Performance was my only real bug with Mastermind. There were occasions, normally after a while of playing that has me questioning whether it was my Switch rather than the game, where motions became slightly jerky or controls sluggish. I’m pretty sure it threw my time off by a couple of seconds more than once, but nothing significant enough to be a major problem or complaint.

Up For A Challenge?

Mastermind has 2 difficulty settings; Standard and Hard. Standard is the recommended play setting, and I must confess I found it challenging enough that I avoided Hard mode. The missions are increasingly complex, requiring more careful planning and precise co-ordination to pull off. I rarely got frustrated, other than when fighting for that Perfect rating and missing it by a fraction of a second at times, and always came back for another go. Simply passing the levels isn’t too hard, but each level also has a time rating (Gold/Silver/Bronze), a number of pocket watches, and whether you failed at any point.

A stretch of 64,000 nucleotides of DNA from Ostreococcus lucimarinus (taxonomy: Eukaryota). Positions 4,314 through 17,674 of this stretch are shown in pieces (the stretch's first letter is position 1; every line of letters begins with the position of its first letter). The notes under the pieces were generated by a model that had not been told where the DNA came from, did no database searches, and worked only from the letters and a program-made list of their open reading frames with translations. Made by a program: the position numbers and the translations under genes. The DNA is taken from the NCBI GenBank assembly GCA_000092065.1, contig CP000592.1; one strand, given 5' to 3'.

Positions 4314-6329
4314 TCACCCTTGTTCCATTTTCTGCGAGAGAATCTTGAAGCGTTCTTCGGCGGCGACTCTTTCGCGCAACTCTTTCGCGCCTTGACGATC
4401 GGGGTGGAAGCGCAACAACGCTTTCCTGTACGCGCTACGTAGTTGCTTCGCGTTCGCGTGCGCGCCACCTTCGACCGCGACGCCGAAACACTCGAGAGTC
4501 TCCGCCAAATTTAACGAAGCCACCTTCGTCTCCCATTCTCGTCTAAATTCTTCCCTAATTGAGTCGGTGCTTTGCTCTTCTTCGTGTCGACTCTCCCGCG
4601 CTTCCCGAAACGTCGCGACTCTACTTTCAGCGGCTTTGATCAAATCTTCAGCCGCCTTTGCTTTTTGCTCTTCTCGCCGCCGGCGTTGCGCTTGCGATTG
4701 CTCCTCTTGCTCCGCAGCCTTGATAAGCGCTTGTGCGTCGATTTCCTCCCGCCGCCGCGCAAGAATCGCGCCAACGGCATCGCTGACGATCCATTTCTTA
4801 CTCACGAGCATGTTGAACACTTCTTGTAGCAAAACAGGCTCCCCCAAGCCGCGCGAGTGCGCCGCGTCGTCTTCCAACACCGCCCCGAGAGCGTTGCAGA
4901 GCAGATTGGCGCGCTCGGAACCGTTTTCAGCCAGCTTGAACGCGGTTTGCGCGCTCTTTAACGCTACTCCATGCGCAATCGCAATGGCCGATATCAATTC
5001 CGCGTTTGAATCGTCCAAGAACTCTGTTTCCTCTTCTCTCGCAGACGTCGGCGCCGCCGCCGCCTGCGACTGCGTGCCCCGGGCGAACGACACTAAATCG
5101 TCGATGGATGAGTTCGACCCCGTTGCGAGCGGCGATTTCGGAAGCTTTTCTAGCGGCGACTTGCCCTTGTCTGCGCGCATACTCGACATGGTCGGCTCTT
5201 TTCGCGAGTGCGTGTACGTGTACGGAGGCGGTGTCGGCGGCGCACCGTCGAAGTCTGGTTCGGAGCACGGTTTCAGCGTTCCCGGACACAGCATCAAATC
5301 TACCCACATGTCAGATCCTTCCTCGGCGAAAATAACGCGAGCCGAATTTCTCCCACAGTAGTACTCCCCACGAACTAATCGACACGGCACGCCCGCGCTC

Mastermind? Masterpiece!

I loved every moment of my time with Peaky Blinders: Mastermind. It was fun, challenging, and interesting, with unique mechanics and a quirky cast of characters that had me chuckling more than once. Even better, while I had no knowledge of the TV show I never felt like I was missing out on anything, which is a nice thing for a game based on an external media. There were occasional performance issues, and I’d have liked a longer game for the asking price (I was having so much fun I had to forcibly slow myself down) but all in all it was an excellent game, and well worth the coveted Golden Child rating.

Pros

  • Unique mechanics
  • Gorgeous graphics
  • Excellent sound design

Cons

  • Occasional performance bugs
  • I need more!

Verdict
While maybe a little short for the price, Peaky Blinders: Mastermind was an absolute gem of an experience that every puzzle fan should try.